How do I protect my work?
Copyright protection is automatic under international law, but in the event that your work is infringed evidence may be required to support your claim and ensuring the best protection for your work relies on several factors.
There are four simple steps you can take that can help ensure your work is safe.
1. Ensure your work is properly marked.
A correctly worded notice will deter infringement, as it states that the work is protected under law.
Although a copyright notice is not required, (work is automatically subject to copyright protection under law), displaying a notice shows that you have an awareness of copyright and take infringements of your work seriously. It also helps to deter infringement (particularly from those who do not understand copyright) if you make it clear that your work is protected under copyright law.
For information on how to word your notice, please see our fact sheet P-03: Using copyright notices.
2. Register your work.
If your work is infringed and your claim to copyright is disputed (i.e. in a plagiarism case - where the other party claims the work is theirs), you may need evidence to help prove your claim.
This valuable evidence can be provided by our copyright registration service that provides verifiable proof of the date and content of your work. As specialists in this area, we ensure that you have the very best evidence to support your rights, while our service policies ensure that the evidence is always available when you need it.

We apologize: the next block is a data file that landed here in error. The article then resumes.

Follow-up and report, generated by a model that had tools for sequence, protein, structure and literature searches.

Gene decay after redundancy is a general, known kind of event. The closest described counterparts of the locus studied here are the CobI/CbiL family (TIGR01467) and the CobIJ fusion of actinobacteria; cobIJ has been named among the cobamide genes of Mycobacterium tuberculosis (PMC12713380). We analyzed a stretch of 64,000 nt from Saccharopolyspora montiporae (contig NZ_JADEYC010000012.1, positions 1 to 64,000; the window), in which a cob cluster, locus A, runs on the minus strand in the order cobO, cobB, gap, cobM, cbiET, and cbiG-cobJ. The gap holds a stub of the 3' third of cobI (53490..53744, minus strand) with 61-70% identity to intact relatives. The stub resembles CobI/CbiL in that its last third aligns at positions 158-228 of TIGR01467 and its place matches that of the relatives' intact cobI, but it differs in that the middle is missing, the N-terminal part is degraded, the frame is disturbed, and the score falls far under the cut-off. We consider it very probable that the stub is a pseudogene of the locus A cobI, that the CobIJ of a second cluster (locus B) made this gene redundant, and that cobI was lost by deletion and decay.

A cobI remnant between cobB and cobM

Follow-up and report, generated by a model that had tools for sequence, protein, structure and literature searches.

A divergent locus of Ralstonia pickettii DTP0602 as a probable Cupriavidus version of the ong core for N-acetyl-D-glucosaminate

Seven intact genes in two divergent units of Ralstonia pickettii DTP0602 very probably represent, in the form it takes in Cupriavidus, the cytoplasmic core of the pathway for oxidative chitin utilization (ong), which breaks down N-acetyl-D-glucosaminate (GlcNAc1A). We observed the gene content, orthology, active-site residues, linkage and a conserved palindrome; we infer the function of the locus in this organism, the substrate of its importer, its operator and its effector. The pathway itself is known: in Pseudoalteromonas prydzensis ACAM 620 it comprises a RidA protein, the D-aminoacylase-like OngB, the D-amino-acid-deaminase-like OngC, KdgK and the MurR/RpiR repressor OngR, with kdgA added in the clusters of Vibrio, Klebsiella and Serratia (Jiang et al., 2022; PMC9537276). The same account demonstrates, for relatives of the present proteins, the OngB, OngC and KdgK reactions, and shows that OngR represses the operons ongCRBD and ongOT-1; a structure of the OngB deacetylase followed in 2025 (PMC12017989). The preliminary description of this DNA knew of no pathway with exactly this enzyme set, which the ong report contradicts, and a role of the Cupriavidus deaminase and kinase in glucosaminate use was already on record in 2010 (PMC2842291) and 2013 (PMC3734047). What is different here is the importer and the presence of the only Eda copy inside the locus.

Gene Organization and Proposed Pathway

For information on registration, please see our fact sheet P-04: Registering copyright work.
3. Keep or register supporting evidence.
Supporting evidence falls into two categories:
- Evolution of ideas
This is evidence of the progression of the work. Early drafts, synopsis, rough recordings, sketches, etc. are all evidence that the work progressed over time, rather than being copied from elsewhere. Although it is possible to fake such evidence, it is often time consuming to do so, so it can be fairly good evidence to demonstrate that you created the work from scratch over a period of time.
- Footprints or watermarking
This is normally evidence inserted into finished documents that will identify the author in some way, such as deliberate mistakes, or hidden data that can be read using special applications.
For more details see our page on supporting evidence.
4. Agreement between co-authors.
If your work is a joint venture, be sure you know exactly where you stand, who will own what rights, and what happens when someone leaves.
For more details, see our page on agreements between co-authors.